These are a couple posts from last month. What is interesting is the difference of the dollar amounts here, $65 million more for a procedure for cats and dogs. Any money and donations of course are appreciated, but could the good doctor being relaying a message here? His announcement came the day after the X-Prize announcement and he felt that 10 million was not enough for anyone to stop what they are doing and pay attention.
Also, as a a retired Los Angeles orthopedic surgeon who created and patented a number of surgical instruments, I’m sure he had his days of working with patients too on getting procedures and claims paid. Anyway, from these 2 publications, it appears the cats and dogs have it, as it seems to also be a one item focus giving scientists the ability to work in one specified direction with monetary help along the way. With many of the current R and D positions being cut or moved outside the US, this could be a nice incentive for those who remain or can possibly be a way to find work on a heavily funded project. BD
From my prior post:
It was just yesterday I posted about the Healthcare X-Prize for 10 million and this sure over shadows that amount by a long shot, and this might be a less complicated issue as it has only one point of focus and everyone would win. Nice comments too on his healthcare foundation which has funded more than $110 million in research and discovery, most of it related to hereditary diseases. BD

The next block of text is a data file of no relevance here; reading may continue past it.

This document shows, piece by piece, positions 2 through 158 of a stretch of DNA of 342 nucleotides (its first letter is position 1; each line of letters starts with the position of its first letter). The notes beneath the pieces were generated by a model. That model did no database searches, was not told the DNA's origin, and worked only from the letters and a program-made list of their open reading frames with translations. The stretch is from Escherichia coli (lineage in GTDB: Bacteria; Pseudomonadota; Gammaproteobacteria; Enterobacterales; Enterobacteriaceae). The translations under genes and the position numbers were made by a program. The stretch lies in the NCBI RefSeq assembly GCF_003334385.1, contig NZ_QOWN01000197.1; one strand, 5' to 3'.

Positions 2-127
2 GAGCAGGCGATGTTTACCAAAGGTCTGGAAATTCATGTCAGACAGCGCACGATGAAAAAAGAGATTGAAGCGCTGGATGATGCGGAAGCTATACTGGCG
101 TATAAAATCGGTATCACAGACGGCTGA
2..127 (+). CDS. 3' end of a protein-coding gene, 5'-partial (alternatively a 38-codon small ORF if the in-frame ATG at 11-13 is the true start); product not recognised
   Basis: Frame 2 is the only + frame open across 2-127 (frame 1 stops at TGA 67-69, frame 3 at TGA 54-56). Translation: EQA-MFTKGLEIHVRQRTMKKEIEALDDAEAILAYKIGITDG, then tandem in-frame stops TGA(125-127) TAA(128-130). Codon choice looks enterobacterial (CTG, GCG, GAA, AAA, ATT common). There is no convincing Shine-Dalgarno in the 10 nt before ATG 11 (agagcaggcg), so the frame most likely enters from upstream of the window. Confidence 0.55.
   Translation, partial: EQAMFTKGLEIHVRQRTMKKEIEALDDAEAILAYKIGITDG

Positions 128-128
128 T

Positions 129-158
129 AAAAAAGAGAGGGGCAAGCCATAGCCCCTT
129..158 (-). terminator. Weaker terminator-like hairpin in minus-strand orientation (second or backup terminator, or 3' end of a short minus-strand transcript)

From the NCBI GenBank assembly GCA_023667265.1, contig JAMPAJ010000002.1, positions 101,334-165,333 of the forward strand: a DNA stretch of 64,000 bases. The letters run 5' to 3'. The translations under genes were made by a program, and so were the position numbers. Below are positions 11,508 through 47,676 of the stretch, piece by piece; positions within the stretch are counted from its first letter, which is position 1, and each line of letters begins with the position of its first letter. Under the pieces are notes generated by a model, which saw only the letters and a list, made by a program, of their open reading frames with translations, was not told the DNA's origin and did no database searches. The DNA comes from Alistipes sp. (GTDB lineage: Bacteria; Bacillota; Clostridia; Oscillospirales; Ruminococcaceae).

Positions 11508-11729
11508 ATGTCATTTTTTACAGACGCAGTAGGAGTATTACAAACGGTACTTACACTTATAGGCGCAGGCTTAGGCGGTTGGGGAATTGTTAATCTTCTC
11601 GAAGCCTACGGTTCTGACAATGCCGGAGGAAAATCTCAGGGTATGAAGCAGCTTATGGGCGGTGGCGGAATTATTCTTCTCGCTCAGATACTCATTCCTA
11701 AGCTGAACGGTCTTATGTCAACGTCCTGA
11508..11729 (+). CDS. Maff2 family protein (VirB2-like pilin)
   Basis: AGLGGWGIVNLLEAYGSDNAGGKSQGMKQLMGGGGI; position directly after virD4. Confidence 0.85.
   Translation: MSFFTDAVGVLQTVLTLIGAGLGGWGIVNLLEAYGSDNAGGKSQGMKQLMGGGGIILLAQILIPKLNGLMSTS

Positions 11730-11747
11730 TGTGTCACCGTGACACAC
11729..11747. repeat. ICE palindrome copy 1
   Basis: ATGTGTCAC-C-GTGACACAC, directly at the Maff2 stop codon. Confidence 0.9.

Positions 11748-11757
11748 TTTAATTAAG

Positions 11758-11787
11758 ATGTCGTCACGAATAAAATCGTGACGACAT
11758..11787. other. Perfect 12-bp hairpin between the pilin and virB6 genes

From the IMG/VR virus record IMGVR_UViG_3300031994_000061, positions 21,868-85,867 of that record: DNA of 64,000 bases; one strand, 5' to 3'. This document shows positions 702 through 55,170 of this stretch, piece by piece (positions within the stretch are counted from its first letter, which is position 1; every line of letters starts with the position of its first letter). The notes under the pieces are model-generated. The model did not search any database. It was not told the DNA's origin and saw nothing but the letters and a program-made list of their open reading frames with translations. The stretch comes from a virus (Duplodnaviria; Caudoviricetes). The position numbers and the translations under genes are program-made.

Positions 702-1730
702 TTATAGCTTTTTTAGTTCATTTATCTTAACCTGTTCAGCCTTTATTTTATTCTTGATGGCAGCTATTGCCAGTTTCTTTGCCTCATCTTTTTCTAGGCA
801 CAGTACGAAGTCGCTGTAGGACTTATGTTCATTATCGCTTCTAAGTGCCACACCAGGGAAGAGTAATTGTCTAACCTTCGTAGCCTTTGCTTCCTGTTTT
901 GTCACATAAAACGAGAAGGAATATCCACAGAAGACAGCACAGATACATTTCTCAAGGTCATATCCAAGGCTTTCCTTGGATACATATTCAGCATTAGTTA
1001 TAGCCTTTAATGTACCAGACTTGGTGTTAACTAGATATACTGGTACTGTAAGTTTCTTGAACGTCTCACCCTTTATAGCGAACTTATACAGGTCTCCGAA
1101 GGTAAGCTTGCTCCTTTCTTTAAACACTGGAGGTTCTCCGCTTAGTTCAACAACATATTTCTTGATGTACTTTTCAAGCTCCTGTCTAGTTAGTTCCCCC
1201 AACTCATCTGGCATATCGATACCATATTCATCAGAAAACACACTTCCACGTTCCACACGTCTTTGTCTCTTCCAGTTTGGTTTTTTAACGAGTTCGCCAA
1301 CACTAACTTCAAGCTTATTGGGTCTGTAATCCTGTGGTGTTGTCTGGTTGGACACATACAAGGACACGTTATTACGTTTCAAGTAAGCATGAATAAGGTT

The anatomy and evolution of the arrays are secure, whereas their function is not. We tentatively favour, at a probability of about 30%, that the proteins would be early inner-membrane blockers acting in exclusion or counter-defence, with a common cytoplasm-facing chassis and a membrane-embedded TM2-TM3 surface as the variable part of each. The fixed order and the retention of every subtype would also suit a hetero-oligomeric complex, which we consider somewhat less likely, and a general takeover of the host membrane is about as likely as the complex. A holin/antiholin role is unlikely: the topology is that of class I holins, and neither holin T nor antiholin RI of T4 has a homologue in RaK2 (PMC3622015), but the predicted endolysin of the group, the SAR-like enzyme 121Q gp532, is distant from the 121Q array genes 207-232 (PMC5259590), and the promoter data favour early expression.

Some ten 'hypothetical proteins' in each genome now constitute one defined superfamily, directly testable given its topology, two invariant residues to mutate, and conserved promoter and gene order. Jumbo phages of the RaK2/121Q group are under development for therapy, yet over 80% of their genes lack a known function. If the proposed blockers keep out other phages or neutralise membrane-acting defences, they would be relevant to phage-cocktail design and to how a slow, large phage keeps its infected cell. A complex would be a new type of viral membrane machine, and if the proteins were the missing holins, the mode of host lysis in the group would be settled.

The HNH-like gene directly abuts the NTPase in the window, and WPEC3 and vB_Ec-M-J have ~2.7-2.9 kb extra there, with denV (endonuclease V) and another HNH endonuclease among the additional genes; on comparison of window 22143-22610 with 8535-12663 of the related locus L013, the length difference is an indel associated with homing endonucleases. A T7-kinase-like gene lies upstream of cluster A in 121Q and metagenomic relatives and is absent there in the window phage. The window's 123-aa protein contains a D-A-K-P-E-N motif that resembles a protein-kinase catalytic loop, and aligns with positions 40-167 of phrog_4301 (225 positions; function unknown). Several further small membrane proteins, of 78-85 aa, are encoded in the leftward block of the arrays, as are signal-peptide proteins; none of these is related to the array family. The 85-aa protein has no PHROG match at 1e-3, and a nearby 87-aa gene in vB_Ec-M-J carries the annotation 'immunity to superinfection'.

A very rich, very impatient retired surgeon wants the pet overpopulation solved. So Gary Michelson has put a hard-to-ignore enticement on the table: $75 million. The person or group that comes up first with a safe, one-time non-surgical means to sterilize male and female cats and dogs gets $25 million, Michelson's non-profit Found Animals Foundation will announce today at the National Spay/Neuter Conference in Chicago. And up to $50 million more will be available to support the research of one or several individuals who come forward with plausible approaches.
No one will stop what they're doing and turn their attention to this problem for $10 million. That's not enough," says Michelson, 59, a retired Los Angeles orthopedic surgeon who invented and patented hundreds of surgical instruments, won an infringement case in 2005 and landed at No. 317 on Forbes' 400 Richest Americans list last month.
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